Another important issue, which is also haunting the Jakarta–Bandung railway, is the exaggerated numbers of illegal Chinese labourers that are claimed to be partaking in the construction of Chinese-funded projects. Fabricated information circulated online in late 2016 claiming that up to 10 million illegal Chinese workers had entered Indonesia was enough to start a public debate about the status of Chinese labourers in Indonesia. Debates intensified between March and May 2018 following the Jokowi administration’s decision to expedite the process to approve work permits for foreign workers.

Public concern over Chinese-funded projects has not fallen on deaf ears. Luhut, who heads a task force for the implementation of Jokowi’s Global Maritime Fulcrum, has laid down a number of conditions for accepting BRI projects. These include requirements on the use of environmentally friendly technology and local workers, and the construction of upstream and downstream facilities. China, for its part, has listened. During Chinese Premier Li Keqiang’s visit to Jakarta in May 2018, he called on Chinese companies to hire primarily Indonesian workers.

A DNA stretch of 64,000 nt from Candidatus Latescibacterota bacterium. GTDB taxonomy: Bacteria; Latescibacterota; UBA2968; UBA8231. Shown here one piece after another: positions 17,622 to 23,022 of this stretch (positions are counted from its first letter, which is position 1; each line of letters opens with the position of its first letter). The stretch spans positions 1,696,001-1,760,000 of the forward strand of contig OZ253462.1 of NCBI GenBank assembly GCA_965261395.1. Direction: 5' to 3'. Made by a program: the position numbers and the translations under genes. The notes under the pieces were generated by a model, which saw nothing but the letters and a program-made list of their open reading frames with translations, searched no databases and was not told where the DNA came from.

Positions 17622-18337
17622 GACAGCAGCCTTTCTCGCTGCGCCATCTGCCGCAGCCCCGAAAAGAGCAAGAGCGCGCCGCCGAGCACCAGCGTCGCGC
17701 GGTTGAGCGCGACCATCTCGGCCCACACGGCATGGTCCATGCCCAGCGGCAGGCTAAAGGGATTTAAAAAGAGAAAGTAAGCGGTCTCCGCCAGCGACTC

While Jokowi’s infrastructure drive has borne some fruit, the problems haunting Chinese investment projects are likely to remain salient topics in the presidential elections. Jokowi’s rivals will no doubt keep a close eye on these projects for potentially inflammatory issues on which to gain public support. Several reasons help to explain why.

Despite significant developments in diplomatic ties in the post-Suharto era, China–Indonesia relations are still marked by the two countries’ acrimonious history and questions about the loyalty of Chinese Indonesians. Indonesia’s relations with China are consequently vulnerable to politicisation. Jokowi also banks his performance on the success of his infrastructure programs and it is likely that his rivals will try to find fault in his claims of success. This criticism would conform with the tendency of Jokowi’s rivals to slander him for being too close to the Chinese business community. Similar accusations haunted Jokowi’s once closest ally and former Jakarta governor Basuki ‘Ahok’ Tjahaja Purnama during the 2017 gubernatorial elections.

At a rally in early November 2018, Jokowi encouraged his supporters to fight against social media hoaxes, including the exaggerated numbers of illegal Chinese workers in Indonesia. Identity politics and economics will be the hot-button issues in 2019. Unfortunately for Chinese investors, BRI projects are vulnerable to politicisation from both these angles.

Image Credit: Wikimedia Commons

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Updated:  24 April, 2017/Responsible Officer:  Dean, ANU College of Asia & the Pacific/Page Contact:  CAP Web Team